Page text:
As we all know, Sansar® is not giving the expected results of Linden Lab®, representing, to date, an expense and indeed not a company.
Anyone who has entered Sansar® at least once knows its limitations and has guessed the reasons for this failure that should have been understood by LL before embarking on this (shipwreck) adventure.
Moreover, the “initial secrecy from CIA” and the access allowed to a few creators, now makes everything even more curious … all this confidentiality for something that currently interests very few.
The reasons for the failure of Sansar® are very well known and already analyzed and can be summarized in this short list:
- Interactivity is missing: that is, you enter Sansar®, look … all very beautiful and realistic, but … then? You can not use the objects you see or interact physically with other users. The result? A boring environment. Without interactivity, Sansar® becomes a “museum” accessible in VR and nothing more.
- All is different from Second Life®: it is presumed that Sansar® is primarily addressed to SL® inhabitants (even if not only), but they have many difficulties in learning how to use and customize the 3D environment through experiences. Hardly anyone who has already struggled to understand SL® will invest further time in learning Sansar®.
- Ok, we admit that you do not care about interactivity and you have become an excellent creator also in Sansar® … but you’re alone. Oh yes, because in Sansar® there are very few users logged in and the maximum tip was 50 souls simultaneously present in the game (see article New World Notes).
- The avatars are ugly … but really really ugly. Ok, you do not want to be a fashion blogger, but let’s face it, logging in and seeing yourself as Fantozzi’s daughter is not gratifying. I am amazed that after a long time Sansar® has not yet managed to improve the appearance of the characters.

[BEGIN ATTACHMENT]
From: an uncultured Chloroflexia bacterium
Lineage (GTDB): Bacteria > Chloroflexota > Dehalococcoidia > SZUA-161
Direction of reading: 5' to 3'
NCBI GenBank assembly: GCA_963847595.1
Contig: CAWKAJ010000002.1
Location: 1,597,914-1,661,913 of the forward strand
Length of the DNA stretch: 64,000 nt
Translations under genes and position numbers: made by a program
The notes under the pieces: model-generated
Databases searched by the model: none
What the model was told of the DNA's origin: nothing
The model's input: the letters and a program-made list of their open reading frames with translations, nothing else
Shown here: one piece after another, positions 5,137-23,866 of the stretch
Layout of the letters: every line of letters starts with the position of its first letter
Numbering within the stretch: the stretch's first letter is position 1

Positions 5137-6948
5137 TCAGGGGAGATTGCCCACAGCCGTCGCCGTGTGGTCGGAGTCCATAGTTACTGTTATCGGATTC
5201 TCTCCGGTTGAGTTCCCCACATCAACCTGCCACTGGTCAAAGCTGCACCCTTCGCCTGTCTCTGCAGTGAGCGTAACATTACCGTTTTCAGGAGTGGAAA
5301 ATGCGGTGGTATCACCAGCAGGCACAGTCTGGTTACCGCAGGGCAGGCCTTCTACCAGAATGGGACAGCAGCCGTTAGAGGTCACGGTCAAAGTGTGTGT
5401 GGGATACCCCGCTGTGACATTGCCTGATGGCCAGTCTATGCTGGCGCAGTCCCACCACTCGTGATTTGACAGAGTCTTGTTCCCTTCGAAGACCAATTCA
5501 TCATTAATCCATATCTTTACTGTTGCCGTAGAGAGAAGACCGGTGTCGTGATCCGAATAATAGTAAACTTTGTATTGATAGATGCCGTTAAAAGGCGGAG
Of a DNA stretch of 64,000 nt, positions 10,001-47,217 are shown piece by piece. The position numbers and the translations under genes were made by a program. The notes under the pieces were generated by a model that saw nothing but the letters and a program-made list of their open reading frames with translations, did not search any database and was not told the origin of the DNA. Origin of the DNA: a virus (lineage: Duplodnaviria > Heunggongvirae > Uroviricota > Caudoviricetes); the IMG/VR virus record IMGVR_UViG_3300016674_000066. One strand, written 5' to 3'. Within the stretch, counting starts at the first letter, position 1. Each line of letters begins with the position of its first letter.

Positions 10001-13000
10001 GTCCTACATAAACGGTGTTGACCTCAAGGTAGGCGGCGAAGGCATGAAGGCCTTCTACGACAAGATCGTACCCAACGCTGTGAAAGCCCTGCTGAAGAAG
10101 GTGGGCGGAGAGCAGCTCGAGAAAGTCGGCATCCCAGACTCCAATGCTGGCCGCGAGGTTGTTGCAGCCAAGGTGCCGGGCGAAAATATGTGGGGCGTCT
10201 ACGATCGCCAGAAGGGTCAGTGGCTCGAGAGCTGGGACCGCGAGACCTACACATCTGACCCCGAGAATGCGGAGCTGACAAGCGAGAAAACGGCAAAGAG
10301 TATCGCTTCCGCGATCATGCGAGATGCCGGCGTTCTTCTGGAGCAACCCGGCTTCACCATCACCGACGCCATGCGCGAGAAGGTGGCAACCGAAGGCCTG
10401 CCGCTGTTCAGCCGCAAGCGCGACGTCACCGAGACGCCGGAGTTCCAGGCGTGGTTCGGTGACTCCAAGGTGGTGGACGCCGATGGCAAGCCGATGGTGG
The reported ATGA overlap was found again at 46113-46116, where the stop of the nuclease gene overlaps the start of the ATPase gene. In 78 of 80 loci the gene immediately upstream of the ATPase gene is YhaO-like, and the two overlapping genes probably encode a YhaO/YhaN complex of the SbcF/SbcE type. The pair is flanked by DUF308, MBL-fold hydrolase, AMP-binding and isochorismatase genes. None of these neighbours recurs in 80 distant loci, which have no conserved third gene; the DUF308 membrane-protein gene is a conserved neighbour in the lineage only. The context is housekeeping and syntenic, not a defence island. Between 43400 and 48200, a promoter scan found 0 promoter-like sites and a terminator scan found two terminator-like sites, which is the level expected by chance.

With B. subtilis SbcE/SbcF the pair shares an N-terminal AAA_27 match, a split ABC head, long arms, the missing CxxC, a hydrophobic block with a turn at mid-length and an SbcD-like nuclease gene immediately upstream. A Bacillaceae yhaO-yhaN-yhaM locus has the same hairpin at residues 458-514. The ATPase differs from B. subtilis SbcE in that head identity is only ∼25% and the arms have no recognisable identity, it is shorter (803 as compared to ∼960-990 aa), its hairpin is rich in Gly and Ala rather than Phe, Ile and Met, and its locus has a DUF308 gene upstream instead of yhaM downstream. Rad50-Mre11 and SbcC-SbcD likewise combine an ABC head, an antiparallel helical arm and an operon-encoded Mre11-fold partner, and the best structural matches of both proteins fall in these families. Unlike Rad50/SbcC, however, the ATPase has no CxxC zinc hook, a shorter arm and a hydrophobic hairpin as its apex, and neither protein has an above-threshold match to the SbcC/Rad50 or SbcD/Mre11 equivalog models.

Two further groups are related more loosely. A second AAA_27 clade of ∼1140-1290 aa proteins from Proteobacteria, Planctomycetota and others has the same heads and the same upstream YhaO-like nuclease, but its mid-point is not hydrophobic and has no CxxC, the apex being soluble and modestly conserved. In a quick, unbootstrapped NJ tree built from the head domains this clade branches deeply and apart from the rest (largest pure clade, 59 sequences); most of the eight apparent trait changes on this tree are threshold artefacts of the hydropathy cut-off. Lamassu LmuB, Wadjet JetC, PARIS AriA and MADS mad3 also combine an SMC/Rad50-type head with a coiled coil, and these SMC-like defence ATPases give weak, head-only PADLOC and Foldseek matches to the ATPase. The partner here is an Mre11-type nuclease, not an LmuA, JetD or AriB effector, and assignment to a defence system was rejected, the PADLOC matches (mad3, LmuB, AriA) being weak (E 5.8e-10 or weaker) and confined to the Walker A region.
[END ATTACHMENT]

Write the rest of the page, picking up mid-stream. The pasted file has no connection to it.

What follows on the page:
- Infinite loading times of experiences: finally enter Sansar® after a long login, visit an experience and unfortunately decide to change experience … I had never done it! As nothing you find yourself staring at the monitor waiting for signs of life and the loading bar starts to have a hypnotizing effect. Ok, I’m going to have a coffee.
And although Sansar® has some official experience of connecting Spielberg’s success, Ready Player One, released at the end of March, hyper-realistic virtual world traffic does not improve.
The opinions of those who have tried the VR platform are so unique that I have the impression that Sansar® will never succeed in raising its fate. I do not want to be defeatist, but I really do not see any future prospects. In any case, there are good experiences that deserve to be told so I will continue to talk about it, even if interactivity is still lacking.
I’m interested in knowing your opinions on Sansar®, so feel free to comment.
Among the many comments received on Social, Blog, and in-world, I was very impressed by the Vassay that you find at the bottom of the article. Her point of view (different from mine and probably from an active user of Sansar®), deserves to be highlighted to give more in-depth information on the VR implemented by the LL.
Let’s see point by point how Vassay thinks.
At point number 1, I say, lack of interactivity, or the possibility of interacting with objects.
Vassay: There is some level of interactivity already, and it will only be more varied with time. For now, there’s two dynamic games and a lot of interactive environments.
In point number 2 I say: everything is different from SL®, so it is challenging to learn again how to customize the environment.
Vassay: Time and time again, Sansar is not SL. It is an evolution of social space, and shouldn’t be compared. You don’t compare jets to cars, or rickshaws, right?